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    January 1st 1852.. As if in bright contrast to the gloomy close of 1851, the first day of 1852 dawned smilingly upon us. The sun so long hidden mounted rejoicingly the blue cloudless sky, and showering its warm beams on the grateful earth, soon banished the cold and damp, and presented to us one of the loveliest winter days I have ever enjoyed. We rose early, and also at an early hour dressed to recieve our friends. The calling commenced about eleven o'clock, and was kept up pretty briskly till about five P.M. then after quite a cessation, commenced again We had [???words crossed out] between fifty and sixty calls. Mr Murphy, Mr Dickinson, and [?] passed the greater part of the evening with us. Mr Murphy presented [H?] - with a pair of cuff pins, and Carrie and I each a gold pencil. Stan? and Albert called together in the afternoon. Of course the day passed delightfully; I enjoyed it fully. The young men seemed in high spirits and made themselves generally agreable, and we girls had merriment enough of our own to fill up the pauses whenever they occurred. We made some new acquaintances to-day, and also missed some old friends. The custom of making and receiving calls is not quite so fashionable as it once was, and the gents all said that the ladies complained of the small num- ber of calls. George H. called with E. Daniel & brother.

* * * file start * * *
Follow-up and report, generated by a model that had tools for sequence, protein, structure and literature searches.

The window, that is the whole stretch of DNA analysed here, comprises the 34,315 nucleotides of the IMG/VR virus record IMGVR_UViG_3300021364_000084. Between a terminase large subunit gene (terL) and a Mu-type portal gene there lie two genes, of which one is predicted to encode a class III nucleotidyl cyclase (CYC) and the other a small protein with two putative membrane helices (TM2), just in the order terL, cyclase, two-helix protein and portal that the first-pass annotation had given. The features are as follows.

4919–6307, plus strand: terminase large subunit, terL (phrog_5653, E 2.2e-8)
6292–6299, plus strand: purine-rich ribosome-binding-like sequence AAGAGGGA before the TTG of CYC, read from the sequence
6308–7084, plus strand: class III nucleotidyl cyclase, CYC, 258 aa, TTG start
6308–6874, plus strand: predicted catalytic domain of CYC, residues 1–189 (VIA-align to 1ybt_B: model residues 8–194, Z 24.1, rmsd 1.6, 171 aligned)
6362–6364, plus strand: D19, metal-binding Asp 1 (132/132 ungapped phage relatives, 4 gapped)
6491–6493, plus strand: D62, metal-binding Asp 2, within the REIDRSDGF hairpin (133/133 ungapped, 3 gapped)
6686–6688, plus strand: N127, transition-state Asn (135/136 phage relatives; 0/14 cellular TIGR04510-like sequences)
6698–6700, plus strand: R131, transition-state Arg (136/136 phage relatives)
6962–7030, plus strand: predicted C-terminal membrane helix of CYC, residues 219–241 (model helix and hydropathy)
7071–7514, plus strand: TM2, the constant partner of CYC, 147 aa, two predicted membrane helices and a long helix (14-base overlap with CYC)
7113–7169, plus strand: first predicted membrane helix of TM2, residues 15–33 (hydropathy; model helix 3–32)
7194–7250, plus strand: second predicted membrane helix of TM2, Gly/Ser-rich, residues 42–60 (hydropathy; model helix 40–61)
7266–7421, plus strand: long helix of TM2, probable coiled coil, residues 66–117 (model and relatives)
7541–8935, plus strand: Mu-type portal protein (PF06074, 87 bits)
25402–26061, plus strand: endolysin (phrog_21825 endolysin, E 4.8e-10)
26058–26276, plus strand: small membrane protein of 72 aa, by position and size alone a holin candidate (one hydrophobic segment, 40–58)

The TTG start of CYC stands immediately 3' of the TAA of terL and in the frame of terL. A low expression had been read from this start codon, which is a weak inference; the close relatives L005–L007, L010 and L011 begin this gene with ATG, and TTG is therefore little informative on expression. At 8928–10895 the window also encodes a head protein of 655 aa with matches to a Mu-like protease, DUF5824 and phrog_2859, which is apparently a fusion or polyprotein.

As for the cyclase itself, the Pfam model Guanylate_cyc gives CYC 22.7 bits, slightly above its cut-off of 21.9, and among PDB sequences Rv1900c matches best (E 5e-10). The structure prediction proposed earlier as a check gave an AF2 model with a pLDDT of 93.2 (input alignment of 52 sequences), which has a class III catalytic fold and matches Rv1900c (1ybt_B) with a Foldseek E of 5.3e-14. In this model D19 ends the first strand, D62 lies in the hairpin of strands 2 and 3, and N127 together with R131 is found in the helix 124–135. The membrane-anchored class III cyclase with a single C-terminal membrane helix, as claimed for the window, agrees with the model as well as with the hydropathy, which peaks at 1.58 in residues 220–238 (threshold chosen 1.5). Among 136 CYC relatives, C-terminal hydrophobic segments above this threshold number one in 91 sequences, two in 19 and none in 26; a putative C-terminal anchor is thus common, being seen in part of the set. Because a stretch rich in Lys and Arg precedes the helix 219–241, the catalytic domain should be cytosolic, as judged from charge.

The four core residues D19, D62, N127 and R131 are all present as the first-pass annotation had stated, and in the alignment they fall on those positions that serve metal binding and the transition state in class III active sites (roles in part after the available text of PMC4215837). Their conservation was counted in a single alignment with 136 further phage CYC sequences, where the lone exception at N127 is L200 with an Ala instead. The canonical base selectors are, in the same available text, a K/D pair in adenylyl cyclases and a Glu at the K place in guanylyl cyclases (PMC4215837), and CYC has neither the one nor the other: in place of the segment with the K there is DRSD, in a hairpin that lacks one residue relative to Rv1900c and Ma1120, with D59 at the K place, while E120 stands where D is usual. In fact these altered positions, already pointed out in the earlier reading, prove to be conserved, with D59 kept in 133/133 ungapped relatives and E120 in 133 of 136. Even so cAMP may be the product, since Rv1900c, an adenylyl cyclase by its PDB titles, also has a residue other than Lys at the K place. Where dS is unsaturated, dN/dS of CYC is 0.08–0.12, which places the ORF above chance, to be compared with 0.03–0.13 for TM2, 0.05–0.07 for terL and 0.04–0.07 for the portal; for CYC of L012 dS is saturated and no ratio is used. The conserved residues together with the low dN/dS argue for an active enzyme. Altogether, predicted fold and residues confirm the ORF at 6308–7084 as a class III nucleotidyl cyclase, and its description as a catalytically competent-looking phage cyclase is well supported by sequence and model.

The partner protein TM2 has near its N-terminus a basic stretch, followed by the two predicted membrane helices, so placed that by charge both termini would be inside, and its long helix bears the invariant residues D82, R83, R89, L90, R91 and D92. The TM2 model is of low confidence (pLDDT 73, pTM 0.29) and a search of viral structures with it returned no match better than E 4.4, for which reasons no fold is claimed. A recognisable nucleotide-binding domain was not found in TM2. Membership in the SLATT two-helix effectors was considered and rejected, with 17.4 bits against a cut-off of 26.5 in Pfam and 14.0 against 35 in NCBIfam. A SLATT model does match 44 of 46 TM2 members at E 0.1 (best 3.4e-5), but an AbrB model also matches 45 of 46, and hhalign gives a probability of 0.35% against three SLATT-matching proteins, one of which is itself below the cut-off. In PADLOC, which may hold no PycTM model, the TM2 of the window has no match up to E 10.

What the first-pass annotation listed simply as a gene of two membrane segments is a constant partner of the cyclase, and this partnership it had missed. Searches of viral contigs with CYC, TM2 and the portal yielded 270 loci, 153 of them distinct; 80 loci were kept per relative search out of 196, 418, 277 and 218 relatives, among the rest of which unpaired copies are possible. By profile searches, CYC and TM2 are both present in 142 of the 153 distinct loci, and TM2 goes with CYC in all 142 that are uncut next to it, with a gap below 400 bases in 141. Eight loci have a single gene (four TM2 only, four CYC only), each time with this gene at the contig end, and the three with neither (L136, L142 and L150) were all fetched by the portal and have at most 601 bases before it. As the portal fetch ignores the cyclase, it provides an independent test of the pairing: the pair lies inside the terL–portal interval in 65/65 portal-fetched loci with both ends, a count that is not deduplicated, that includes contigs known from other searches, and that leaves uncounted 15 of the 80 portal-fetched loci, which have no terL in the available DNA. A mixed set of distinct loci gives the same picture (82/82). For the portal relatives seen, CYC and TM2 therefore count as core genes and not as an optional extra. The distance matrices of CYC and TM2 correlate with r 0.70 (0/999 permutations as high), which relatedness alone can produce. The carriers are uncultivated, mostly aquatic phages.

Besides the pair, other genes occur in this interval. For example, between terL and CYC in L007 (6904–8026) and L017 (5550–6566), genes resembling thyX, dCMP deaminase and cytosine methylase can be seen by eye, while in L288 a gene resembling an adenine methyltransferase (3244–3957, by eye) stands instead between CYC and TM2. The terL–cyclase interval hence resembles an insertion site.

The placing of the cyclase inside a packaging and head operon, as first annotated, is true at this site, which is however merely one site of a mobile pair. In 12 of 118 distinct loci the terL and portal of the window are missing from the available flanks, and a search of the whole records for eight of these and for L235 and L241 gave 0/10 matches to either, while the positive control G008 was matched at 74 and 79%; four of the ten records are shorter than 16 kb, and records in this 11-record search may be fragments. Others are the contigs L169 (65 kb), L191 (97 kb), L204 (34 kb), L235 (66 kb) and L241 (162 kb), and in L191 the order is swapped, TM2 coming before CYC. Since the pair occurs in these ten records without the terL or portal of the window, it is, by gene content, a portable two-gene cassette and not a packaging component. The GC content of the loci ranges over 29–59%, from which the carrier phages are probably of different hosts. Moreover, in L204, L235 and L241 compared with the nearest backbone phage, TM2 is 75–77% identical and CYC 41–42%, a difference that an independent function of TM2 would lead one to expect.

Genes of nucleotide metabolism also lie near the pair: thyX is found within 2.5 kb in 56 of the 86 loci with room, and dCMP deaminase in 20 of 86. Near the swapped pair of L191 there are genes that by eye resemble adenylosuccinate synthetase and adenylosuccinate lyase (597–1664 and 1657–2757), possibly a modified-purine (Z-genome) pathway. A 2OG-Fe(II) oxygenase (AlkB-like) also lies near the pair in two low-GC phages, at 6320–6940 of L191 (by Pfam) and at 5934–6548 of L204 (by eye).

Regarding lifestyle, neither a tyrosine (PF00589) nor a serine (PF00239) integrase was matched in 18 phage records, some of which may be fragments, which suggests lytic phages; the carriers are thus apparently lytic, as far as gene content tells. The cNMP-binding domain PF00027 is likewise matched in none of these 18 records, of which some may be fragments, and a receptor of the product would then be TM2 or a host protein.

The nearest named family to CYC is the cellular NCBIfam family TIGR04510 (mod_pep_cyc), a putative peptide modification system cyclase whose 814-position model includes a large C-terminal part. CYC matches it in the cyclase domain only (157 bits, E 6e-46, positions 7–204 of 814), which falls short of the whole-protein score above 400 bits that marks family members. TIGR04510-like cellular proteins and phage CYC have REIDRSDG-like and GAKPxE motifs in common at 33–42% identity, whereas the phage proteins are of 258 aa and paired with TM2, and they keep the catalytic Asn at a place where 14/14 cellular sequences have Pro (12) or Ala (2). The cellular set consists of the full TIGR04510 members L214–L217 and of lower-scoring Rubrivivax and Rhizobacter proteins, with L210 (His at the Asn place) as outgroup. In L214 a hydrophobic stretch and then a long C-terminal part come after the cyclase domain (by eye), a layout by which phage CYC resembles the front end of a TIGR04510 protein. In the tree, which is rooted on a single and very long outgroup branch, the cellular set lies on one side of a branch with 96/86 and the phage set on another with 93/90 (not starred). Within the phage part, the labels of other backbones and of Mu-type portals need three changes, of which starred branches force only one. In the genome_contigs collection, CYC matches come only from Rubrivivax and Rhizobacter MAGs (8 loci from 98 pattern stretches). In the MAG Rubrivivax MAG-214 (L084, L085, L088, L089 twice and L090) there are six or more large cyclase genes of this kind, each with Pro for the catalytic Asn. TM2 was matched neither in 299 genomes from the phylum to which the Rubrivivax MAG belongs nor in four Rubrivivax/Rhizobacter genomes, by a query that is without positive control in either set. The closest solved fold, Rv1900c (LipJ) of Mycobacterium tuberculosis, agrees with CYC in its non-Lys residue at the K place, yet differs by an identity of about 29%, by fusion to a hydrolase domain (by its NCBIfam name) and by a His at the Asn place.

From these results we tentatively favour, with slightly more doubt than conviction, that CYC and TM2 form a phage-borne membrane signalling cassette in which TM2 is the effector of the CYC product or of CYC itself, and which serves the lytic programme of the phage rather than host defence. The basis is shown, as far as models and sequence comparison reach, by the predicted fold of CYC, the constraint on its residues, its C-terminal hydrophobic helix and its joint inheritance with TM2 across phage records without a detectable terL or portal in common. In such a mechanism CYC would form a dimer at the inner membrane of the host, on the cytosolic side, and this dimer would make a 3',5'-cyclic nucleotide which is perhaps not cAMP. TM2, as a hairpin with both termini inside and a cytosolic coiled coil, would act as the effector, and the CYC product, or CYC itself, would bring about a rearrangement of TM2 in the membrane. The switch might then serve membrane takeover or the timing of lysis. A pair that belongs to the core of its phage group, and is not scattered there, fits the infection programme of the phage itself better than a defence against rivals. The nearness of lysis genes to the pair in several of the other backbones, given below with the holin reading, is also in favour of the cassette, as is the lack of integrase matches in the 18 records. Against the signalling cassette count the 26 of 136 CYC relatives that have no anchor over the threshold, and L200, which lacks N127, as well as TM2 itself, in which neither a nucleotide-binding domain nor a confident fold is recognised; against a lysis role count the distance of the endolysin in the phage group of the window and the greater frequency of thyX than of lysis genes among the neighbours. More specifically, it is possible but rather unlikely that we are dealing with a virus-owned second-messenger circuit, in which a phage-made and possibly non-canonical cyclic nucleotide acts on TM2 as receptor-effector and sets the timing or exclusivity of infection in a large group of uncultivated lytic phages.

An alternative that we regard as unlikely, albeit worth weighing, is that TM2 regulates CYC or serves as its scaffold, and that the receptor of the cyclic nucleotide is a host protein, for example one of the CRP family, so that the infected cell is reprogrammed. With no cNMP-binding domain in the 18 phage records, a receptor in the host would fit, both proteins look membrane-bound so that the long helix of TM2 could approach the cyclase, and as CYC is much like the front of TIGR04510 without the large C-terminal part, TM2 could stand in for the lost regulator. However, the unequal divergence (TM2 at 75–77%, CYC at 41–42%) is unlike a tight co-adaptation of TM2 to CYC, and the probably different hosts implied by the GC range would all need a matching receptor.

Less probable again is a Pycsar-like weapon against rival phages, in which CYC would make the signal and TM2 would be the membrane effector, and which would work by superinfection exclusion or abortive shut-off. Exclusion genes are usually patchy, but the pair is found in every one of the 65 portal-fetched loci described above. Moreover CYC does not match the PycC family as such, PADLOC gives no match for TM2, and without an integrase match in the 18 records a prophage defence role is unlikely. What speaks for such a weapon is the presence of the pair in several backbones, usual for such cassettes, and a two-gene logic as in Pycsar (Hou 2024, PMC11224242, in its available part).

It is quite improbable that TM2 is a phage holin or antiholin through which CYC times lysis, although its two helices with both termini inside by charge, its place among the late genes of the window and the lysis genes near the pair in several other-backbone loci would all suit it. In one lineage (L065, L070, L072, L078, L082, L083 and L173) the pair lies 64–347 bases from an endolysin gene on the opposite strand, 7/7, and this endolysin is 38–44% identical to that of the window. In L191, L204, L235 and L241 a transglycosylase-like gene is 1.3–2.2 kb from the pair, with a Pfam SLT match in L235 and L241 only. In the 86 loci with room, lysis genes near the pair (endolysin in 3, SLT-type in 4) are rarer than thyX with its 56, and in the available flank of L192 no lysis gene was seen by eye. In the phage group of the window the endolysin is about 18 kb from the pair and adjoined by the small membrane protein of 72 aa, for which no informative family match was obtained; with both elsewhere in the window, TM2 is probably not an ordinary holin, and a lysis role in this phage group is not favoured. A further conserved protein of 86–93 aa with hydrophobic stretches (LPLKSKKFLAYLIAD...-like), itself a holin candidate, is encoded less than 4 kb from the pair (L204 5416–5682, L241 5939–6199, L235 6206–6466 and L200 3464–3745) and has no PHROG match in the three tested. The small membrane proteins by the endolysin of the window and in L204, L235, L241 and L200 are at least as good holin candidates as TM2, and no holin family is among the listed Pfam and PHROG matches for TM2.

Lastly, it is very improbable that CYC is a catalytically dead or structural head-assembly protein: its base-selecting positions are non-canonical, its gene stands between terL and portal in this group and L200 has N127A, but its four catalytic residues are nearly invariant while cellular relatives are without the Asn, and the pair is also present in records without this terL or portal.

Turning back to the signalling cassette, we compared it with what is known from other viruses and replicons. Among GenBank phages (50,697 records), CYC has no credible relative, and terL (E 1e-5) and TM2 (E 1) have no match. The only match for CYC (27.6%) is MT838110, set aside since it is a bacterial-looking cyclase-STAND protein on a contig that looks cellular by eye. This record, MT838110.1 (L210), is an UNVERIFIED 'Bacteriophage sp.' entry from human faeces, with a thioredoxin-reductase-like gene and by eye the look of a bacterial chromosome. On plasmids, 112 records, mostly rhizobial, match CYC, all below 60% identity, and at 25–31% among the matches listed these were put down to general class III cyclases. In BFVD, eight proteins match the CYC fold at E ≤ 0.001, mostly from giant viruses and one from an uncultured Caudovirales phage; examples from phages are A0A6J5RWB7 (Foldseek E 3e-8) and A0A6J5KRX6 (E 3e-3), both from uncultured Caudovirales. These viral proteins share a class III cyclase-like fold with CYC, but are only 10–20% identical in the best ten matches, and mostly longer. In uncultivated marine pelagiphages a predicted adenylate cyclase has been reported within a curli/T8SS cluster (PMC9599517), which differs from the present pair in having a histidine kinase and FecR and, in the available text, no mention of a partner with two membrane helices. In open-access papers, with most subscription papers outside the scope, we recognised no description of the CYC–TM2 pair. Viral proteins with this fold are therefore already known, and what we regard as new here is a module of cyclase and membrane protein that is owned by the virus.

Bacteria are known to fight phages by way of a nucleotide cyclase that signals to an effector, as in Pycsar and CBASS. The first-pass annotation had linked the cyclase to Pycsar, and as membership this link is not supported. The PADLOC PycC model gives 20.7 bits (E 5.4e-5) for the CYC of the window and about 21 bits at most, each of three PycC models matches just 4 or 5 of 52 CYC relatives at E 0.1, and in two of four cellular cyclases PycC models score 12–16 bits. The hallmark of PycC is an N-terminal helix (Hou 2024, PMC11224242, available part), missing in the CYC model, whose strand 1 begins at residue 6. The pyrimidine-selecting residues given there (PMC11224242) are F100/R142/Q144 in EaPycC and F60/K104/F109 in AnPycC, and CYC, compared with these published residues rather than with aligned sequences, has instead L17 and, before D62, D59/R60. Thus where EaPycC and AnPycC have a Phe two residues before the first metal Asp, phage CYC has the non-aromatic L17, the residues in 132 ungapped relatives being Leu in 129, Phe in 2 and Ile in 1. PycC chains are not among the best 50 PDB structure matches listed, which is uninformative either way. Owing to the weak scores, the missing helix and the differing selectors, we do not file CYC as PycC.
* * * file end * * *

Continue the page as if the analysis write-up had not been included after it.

[text continues on left center margin:] George says that Henry is better. [?] [?] [this?] morning for Boston & Portland on important business.